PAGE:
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Mining Indaba trends: transparency, stability, sustainability

mining2-bigOne trend noted at the Mining Indaba is the need for responsible mining and sustainable development Energy and vibrancy emanated from the exhibition hall during the Investing in African Mining Indaba, which ran from 3 to 6 February at the Cape Town Convention Centre. The Indaba is an annual event that brings together the world's leading mining and mining services companies and executives.

Delegates spoke informally of more deals being made and a far more positive outlook this year than at the previous Indaba, and a key trend coming out of the conference this year was the critical need for policy stability in Africa, and particularly in South Africa. Some commentators have said policy changes have driven away investors, who have sought more stable jurisdictions in which to operate.

General feelings among delegates were that miners needed to know the rules of the game, and they needed to stay the same; Cameroon, Botswana and Malawi were stable. Mindful of this, Mineral Resources Minister Susan Shabangu tried to allay fears in her opening address, saying the Mineral and Petroleum Resources Development Act (MPRDA) Bill was before the parliamentary portfolio committee. "We are confident that it will be concluded during the tenure of the current legislators. The MPRDA Bill will not create an uncertain regulatory regime," she stressed.

Responsible mining

Another key trend was responsible mining and sustainable development, with several sessions – and the full final day's programme – devoted to the topic. A large delegation from Western Australia that included the premier of the state, Colin Barnett, brought offers of expert assistance in building a sustainable mining model. Barnett said this required a sound regulatory environment and that "not a single grain of mineral or a single molecule of oil or gas should leave Africa without being paid for, at a fair price. This is a long-term goal that should be shared by host governments and foreign investors."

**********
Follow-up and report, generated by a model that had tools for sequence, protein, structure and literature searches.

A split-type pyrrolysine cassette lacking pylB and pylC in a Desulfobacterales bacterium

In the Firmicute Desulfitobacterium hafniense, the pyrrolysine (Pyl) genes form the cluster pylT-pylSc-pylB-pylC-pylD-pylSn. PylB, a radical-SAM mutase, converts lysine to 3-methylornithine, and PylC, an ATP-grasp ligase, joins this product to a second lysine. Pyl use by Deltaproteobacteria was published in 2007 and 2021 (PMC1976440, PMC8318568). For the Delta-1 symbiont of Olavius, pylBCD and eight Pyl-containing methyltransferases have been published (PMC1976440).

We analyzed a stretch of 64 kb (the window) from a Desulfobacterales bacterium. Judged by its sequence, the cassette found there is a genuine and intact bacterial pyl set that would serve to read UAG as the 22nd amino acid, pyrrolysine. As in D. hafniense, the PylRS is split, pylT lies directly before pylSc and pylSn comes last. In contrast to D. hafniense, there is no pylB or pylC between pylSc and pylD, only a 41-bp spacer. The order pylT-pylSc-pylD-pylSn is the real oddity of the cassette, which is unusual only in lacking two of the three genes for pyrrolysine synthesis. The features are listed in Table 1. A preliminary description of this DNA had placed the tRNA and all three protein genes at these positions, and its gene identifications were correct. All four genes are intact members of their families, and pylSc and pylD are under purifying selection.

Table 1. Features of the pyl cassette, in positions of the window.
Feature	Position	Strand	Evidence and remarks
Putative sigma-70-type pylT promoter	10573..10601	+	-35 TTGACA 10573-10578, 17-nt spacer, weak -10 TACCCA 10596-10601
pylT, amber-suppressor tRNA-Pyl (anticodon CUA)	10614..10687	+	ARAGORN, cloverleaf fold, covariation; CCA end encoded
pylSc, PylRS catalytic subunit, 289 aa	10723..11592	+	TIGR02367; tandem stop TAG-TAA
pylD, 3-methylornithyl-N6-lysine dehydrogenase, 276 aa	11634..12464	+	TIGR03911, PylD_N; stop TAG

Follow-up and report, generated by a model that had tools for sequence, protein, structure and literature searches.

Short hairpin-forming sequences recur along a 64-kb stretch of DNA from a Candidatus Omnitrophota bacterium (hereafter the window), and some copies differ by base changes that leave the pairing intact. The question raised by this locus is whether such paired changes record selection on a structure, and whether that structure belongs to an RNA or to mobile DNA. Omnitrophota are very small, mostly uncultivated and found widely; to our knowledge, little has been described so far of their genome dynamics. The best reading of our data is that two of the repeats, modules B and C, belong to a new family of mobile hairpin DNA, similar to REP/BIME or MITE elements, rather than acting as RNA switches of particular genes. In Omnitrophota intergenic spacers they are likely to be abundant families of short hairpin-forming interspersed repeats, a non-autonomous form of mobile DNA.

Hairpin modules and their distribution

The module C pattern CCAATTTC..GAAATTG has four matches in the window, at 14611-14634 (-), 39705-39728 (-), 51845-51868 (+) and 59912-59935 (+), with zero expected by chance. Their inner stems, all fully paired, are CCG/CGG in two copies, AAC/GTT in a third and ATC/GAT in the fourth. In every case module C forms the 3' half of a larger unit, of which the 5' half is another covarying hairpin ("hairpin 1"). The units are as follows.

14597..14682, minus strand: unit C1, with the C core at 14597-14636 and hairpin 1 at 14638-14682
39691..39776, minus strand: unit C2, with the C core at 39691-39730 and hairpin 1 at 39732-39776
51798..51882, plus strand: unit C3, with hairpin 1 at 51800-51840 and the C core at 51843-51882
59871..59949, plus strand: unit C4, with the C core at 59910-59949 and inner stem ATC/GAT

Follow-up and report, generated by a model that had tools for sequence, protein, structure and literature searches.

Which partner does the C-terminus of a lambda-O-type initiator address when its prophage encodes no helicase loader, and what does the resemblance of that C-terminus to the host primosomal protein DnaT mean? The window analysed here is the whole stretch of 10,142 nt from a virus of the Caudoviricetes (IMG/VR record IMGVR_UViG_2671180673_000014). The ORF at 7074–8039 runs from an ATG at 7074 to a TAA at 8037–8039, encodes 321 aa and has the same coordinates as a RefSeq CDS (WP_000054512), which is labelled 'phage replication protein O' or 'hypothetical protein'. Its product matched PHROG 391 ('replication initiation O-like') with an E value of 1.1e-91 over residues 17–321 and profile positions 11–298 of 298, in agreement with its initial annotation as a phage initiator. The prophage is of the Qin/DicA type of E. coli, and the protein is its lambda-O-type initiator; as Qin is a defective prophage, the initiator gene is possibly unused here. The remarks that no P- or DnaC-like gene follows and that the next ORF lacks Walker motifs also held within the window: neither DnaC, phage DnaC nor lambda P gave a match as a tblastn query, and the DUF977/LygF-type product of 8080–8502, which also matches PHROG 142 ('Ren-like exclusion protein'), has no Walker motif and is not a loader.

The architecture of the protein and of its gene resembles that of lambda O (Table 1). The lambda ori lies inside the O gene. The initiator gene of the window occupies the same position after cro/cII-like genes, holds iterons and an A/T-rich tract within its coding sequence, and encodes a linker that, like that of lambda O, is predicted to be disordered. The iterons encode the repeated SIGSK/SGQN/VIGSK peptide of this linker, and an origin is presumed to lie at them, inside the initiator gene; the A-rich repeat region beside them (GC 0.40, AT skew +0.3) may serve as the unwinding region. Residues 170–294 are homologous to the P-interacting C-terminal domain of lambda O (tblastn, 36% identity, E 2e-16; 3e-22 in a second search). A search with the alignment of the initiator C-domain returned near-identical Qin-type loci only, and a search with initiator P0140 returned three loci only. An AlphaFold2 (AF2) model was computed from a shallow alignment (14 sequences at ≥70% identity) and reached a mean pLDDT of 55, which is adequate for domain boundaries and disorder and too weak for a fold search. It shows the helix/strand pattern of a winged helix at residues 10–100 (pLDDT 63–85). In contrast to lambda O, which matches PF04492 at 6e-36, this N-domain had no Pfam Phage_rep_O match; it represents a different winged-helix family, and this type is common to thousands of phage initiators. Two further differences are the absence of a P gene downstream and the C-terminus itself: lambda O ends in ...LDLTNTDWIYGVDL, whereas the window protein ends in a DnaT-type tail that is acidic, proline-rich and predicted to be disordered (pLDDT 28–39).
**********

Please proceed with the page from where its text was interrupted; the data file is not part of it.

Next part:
Australia would also offer help in building capacity to gather scientific and geoscience data, and in skills development.

Speaking on the final day, Archbishop Njongonkulu Ndungane did not deny the need for a profit motive to drive business, but he called for increased moral responsibility among stakeholders to build businesses where all interests were taken into account, including the environment and communities. It was necessary to "make personal and business sacrifices" for the common good.

"Environmental issues are among the most important moral issues facing the world today… we need to change our behaviour. Over-population, over-consumption, pollution; all have devastating consequences."

Speaking about the imperative for mining to choose a path to sustainable development, he said development must meet the needs of the present without compromising meeting future needs. "There is a clear roadmap for the future: eradicating poverty is the greatest global challenge and is necessary for sustainable development."

His comments were widely hailed, with the expert panel agreeing on the need for access to information, communication and the need to find solutions jointly in mitigating conflict between communities and mining houses.

Transparency was a common thread throughout the Indaba, as an imperative for sustainable development and forming a balanced social contract. Trust needed to be created between the mining company and the community, said Clare Short of the Extractive Industries Transparency Initiative.